RIP | Masahisa Fukase

I was very sad to learn today that Masahisa Fukase died on 9 June.  His book Karasu (Ravens) is my all time favourite photobook; shot in in 1976 in Hokkaido in the wake of his divorce, and published in 1986.  A panel of five experts convened by the British Journal of Photography, in 2010, selected Karasu as the best photobook published between 1986 and 2009. Fukase suffered traumatic brain injury from a fall in 1992, and remained in a coma until his death earlier this month.

To quote Sean O’Hagan:

Fukase’s images are grainy, dark and impressionistic. Often, he magnifies his negatives or overexposes them, aiming all the time for mood over technical refinement. He photographs flocks from a distance, and single birds that appear like black silhouettes against grey, wintry skies. They are captured in flight, blurred and ominous, and at rest, perching on telegraph wires, trees, fences and chimneys. Fusake photographs them alive and dead, and maps their shadows in harsh sunlight and their tracks in the snow.  Ultimately, though, it seems that Fukase’s 10-year pursuit of the ravens was a way of trying to make sense of an altogether more personal emotional trauma…..read more here.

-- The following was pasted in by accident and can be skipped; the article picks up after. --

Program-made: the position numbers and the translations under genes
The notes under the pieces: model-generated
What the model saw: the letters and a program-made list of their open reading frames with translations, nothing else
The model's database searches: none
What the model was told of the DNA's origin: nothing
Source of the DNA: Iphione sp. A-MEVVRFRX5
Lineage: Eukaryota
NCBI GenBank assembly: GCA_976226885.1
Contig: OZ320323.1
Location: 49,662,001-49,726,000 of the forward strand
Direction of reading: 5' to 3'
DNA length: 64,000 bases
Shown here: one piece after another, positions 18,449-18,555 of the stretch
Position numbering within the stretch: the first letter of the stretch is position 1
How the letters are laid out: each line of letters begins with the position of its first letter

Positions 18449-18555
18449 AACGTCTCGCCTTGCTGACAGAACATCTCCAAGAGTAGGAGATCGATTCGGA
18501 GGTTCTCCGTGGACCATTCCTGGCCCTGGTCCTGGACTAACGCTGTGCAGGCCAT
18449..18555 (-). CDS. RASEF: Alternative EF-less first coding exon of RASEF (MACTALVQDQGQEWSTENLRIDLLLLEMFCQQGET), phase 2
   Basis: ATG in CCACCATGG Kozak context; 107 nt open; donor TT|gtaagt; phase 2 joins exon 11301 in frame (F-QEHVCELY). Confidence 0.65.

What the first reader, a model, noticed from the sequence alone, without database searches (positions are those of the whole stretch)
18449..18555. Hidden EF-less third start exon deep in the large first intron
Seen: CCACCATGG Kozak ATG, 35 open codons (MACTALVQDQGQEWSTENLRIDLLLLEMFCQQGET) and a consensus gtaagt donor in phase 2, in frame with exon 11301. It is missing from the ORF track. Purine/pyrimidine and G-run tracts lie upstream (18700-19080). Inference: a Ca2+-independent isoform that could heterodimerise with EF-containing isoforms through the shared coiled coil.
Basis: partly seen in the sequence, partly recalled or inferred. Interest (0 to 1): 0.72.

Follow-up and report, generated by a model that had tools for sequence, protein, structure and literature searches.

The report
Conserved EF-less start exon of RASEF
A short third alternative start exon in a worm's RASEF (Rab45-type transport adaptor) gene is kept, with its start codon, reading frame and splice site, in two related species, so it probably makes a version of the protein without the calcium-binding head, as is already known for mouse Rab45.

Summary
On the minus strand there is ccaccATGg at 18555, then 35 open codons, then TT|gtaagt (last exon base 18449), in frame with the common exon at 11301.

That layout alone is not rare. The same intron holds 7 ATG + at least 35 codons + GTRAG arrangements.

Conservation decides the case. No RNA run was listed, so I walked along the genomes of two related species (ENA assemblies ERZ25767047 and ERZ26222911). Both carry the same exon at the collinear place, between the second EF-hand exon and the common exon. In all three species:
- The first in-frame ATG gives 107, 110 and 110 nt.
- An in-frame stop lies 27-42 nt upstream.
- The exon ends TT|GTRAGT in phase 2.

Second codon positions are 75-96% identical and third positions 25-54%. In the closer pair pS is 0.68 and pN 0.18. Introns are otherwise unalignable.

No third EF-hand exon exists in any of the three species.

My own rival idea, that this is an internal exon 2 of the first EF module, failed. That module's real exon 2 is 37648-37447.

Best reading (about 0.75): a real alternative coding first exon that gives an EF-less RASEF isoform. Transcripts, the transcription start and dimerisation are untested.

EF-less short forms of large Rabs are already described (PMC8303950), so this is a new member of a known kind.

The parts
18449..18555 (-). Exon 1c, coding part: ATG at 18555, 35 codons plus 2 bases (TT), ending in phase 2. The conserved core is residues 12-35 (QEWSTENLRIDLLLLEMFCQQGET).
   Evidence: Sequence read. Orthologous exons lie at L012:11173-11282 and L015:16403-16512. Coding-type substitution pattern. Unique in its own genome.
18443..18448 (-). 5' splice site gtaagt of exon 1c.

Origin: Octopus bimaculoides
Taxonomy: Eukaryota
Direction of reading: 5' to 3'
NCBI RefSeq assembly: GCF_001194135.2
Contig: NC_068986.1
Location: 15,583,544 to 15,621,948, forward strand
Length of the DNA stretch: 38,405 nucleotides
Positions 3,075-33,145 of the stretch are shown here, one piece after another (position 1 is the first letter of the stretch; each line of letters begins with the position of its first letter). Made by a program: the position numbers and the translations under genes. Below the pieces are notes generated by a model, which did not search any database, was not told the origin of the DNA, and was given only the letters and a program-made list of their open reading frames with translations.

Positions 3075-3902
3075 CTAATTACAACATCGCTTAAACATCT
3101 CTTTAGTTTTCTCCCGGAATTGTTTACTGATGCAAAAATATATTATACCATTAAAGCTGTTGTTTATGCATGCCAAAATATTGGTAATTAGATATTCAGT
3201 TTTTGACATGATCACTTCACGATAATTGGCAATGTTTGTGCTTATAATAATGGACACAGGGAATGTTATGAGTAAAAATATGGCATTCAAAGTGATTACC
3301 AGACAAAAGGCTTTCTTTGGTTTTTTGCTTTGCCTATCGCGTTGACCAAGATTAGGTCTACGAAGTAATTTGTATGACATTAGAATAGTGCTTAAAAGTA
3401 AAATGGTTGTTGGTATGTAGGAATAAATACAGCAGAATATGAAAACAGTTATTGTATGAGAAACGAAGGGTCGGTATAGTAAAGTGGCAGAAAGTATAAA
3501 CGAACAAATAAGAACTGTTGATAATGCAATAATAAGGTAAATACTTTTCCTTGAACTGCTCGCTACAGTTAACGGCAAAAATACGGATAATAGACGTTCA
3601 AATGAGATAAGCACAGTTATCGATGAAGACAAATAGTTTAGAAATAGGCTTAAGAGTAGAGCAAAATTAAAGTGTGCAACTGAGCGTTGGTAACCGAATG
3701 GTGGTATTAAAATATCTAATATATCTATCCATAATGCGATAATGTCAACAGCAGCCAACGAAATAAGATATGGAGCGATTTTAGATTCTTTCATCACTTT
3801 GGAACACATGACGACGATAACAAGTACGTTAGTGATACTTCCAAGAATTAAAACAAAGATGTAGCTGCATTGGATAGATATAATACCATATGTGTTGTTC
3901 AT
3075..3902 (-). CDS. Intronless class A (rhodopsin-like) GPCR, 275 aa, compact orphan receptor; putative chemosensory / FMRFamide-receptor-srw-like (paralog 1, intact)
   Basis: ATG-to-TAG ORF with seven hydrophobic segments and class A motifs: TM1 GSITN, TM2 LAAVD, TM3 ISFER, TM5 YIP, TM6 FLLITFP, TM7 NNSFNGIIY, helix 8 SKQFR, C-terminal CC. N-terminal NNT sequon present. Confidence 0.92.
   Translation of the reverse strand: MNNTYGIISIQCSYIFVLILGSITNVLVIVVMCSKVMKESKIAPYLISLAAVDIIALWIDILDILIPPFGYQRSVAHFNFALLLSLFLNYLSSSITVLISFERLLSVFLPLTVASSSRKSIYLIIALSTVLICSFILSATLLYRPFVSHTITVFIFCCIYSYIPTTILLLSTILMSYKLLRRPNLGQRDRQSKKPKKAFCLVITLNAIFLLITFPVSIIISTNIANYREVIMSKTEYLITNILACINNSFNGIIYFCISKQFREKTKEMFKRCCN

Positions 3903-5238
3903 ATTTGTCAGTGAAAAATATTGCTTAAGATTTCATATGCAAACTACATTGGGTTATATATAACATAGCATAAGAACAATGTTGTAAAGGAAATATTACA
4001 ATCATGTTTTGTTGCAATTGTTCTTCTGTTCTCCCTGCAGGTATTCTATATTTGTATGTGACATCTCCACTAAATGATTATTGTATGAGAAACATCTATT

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5 Comments to “RIP | Masahisa Fukase”

  1. Thanks for introducing me to this – the atmospheric, almost sensuous drama strikes a chord with my interest in death!

  2. Seriously check out Fukase’s work – haunting and beautiful and yes ravens are meant to symbolise death so totally relevant to your project.

  3. Thank you Tracey. I didn’t know his work.

  4. Best photo-book of the the past 25years? Certainly one of the most memorable.

  5. It’s definitely got my vote Simon!

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